Another announcement by Minister Smith in the Belleville Intelligencer had the following quote in an article about his plan to lower electricity rates during the night: “Our government has reversed the trend of skyrocketing electricity prices and given families and businesses more control when it comes to their energy bills,”.  The article failed to note the recent Financial Accountability Office of Ontario (FAO) report indicated taxpayers would be picking up $6.9 billion of costs in the current fiscal year associated with his claim. What the foregoing infers is, “the trend”, seems to be; lets increase the provincial debt to burden future taxpayers.

Cheaper Nighttime Rates May Produce Blackouts

The article in the Intelligencer was headlined: “Energy Minister Todd Smith eyes ‘ultra-low overnight electricity plan“, and suggested it was to “benefit shift workers and support EV adoption”. Minister Smith has directed the OEB (Ontario Energy Board) to review the concept of implementing the reduction, “for residents who charge their electric vehicles overnight”! This looks to be simply another burden on future taxpayers with little benefit to those “shift workers” who, if they drive EV, will have to charge them during the day when rates are at peak levels. It will also result in higher rates during “peak demand” times of each day and a further burden on future taxpayers.

The issue of cheaper rates during the night may also benefit municipalities who have jumped on the “net-zero” concept and have told the province to shut down our gas plants that serve to back up the unreliable and intermittent wind and solar generation.  One wonders if Minister Smith is familiar with the fact that several municipalities such as Ottawa are aiming to convert their transit buses and other municipal vehicles to battery fueled vehicles. Ottawa alone intends to purchase 450 E-buses by 2030 and have a full E-bus fleet by 2036.  One should assume those buses will be charged principally at night and if so, what impact will it have on demand if all 32 municipalities who have told the province to shut down the gas plants convert their fleets?  Obviously, they will also demand they can charge those buses, etc. with those lower nighttime rates too! The City of Ottawa will borrow $400 million from the taxpayer owned “Infrastructure Bank” (a Trudeau led government creation) to assist in the purchase of those buses which further burdens all of Canada’s taxpayers!

Those buses charging at night also may have other issues as some cities who have moved to E-bus fleets have had bad experiences due to sudden fires. Germany has had several flareups in different cities. Recent events where fires broke out are of concern; meaning E-buses will require more stringent regulations such as separate garage stalls further raising conversion costs. Insurance companies have not yet dealt with those issues but will undoubtedly raise their premiums as a result of those events.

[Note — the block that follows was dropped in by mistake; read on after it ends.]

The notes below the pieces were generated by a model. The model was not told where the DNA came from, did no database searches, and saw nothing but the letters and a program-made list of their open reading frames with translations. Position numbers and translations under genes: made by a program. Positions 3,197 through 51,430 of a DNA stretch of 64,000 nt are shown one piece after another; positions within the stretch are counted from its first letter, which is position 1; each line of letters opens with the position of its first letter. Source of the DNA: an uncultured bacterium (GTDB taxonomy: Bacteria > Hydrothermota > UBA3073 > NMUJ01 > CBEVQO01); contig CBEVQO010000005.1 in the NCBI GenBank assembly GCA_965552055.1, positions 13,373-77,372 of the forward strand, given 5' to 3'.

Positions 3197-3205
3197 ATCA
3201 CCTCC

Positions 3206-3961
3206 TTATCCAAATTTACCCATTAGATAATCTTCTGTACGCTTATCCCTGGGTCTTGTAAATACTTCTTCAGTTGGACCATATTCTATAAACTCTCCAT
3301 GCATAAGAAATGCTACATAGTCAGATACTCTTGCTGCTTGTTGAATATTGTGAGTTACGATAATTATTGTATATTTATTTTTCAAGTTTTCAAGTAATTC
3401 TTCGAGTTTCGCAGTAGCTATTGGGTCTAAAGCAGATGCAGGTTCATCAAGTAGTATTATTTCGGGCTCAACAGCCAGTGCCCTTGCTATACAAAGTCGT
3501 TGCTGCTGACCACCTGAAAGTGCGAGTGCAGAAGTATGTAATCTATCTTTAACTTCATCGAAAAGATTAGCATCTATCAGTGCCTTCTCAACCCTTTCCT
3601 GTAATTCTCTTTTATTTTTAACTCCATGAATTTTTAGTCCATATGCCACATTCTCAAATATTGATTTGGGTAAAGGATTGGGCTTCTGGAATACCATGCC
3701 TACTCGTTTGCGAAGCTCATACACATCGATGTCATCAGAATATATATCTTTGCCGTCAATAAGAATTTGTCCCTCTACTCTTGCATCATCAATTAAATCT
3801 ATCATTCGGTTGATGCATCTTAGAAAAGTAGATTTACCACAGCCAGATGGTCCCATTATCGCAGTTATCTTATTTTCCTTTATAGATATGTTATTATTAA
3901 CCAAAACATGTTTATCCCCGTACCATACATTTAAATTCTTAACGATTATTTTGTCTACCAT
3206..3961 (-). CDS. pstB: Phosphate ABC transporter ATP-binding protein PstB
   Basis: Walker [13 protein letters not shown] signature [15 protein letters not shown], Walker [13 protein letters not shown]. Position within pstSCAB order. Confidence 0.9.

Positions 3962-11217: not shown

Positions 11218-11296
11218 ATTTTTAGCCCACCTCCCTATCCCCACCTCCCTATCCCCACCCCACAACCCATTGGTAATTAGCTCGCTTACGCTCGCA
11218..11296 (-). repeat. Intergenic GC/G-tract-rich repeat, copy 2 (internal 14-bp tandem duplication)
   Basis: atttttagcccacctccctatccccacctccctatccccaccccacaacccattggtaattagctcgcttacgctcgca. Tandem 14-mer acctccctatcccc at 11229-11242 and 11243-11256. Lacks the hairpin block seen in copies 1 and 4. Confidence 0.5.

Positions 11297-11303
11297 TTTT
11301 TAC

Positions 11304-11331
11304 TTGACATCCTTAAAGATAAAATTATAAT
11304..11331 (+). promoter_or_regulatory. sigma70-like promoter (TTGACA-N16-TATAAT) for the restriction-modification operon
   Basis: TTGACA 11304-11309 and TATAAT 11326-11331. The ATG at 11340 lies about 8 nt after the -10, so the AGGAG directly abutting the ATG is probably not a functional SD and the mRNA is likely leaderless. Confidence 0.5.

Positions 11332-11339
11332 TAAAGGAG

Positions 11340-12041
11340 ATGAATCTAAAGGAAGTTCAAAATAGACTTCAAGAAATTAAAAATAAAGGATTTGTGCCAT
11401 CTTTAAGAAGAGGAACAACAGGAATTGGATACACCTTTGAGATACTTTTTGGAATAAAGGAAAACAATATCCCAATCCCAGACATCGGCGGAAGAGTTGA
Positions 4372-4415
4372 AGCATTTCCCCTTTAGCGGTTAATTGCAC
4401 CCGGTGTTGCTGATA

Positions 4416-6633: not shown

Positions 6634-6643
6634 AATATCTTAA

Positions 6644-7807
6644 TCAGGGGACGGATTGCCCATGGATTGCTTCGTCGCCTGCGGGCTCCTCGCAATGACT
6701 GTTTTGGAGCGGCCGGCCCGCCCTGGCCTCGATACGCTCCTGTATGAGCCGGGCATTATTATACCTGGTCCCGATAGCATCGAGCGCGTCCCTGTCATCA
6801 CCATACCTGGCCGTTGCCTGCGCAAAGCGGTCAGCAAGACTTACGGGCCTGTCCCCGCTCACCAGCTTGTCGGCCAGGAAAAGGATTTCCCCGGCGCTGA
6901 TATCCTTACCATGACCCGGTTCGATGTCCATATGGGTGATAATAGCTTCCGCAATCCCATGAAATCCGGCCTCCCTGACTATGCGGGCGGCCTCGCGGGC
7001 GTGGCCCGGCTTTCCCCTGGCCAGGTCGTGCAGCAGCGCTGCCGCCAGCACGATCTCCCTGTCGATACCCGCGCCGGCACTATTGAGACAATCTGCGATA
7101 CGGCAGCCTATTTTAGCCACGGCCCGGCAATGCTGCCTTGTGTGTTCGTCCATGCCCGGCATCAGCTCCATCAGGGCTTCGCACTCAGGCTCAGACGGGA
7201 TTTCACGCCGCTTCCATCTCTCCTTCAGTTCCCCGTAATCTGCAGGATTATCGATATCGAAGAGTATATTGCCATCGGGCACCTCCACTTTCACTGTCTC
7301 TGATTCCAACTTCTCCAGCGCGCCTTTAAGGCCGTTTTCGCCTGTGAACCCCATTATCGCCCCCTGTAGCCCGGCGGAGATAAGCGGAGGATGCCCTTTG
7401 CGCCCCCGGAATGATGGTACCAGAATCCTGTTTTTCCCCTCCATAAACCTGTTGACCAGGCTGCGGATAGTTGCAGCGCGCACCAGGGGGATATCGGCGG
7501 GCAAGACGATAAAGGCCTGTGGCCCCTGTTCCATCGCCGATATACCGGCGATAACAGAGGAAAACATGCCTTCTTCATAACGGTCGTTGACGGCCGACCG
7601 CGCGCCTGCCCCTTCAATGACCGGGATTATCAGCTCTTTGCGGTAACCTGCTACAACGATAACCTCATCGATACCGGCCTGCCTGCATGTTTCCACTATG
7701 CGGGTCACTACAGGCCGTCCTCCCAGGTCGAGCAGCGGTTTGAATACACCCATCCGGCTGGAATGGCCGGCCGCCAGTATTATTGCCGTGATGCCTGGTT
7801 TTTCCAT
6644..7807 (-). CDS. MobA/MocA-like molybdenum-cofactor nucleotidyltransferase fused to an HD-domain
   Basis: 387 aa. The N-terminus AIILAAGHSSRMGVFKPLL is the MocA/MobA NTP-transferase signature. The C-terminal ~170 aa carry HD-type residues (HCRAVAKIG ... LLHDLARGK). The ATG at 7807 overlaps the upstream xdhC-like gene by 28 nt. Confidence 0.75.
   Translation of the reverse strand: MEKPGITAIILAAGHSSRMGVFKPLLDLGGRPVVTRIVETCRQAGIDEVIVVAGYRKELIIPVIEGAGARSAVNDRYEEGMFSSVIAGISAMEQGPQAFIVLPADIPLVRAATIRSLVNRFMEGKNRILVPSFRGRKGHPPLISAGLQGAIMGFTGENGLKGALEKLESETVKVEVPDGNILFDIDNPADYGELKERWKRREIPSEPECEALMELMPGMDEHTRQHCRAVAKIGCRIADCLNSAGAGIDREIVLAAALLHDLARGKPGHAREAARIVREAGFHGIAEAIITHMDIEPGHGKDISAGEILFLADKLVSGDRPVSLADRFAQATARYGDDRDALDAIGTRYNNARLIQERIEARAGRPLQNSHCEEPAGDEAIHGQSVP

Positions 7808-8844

In his push to support EV to reduce emissions Minister Smith ignores the fact the Pickering Nuclear generating station that supplies Ontario with 2,500 MWh every hour of the day will be shut down in 2025!  So far, the ministry has not identified what will replace that emission free power.

The absence of generation to meet demand in the future can be visualized by the following chart Scott Luft recently posted on his twitter page showing demand increasing substantially in the future! 

The plans and targets the current Ontario government has to reputedly reverse “the trend of skyrocketing electricity prices” seem destined to continue throwing our tax dollars down the drain.  A recent report by the Fraser Institute forecasts Ontario’s net debt will reach $503.3 billion or about $130K per household by 2023-24!

The time has come for this government to take action and stop spending money that serves to increase the possibility of a future debt crisis!

PS: Stay tuned for the next plan by the Ministry of Energy to drive up our Cost of Living.

Strange Things that Caught My Eye Over the Recent Week

Should you, as I do, consider recent events to be off the scale of normal, it is worth pondering the cause!  Is it related to the Covid-19 pandemic, climate change, the “woke” generation, government bureaucrats or those in political power or perhaps a combination of some or all of them?  Some recent examples:

Planting Trees in Brampton as Part of Two Billion Trees                                                                             

I’m sure most will recall just before the last Federal election in 2019 our PM Trudeau met with Greta Thunberg and promised her we would plant 2 billion trees.  Well, it appears the process, under the Minister of Natural Resources, Seamus O’Regan has finally started according to a press release on August 4, 2021 which contained the following:

Today, Maninder Sidhu, Parliamentary Secretary to the Minister of International Development and Member of Parliament for Brampton East, on behalf of the Honourable Seamus O’Regan Jr., Minister of Natural Resources, announced $1,280,000 to the City of Brampton in support of the Government of Canada’s plan to plant two billion trees over 10 years. This project will see 8,000 trees planted across the region this year and contribute to the rehabilitation of the city’s urban tree canopy.”

Quick math on the cost per tree being planted comes to $160.00 each meaning if Minister O’Regan Jr. continues at this level the total cost to Canada’s taxpayers will be $320 billion for the 2 billion trees. Those 8,000 trees will, eventually, absorb about 174 tons of CO2 meaning the cost per ton of emissions removal is about $7,400. Pretty sure O’Regan could have purchased “carbon offsets” for a few dollars each from former Governor of the Bank of Canada, Mark Carney and saved the taxpayers money!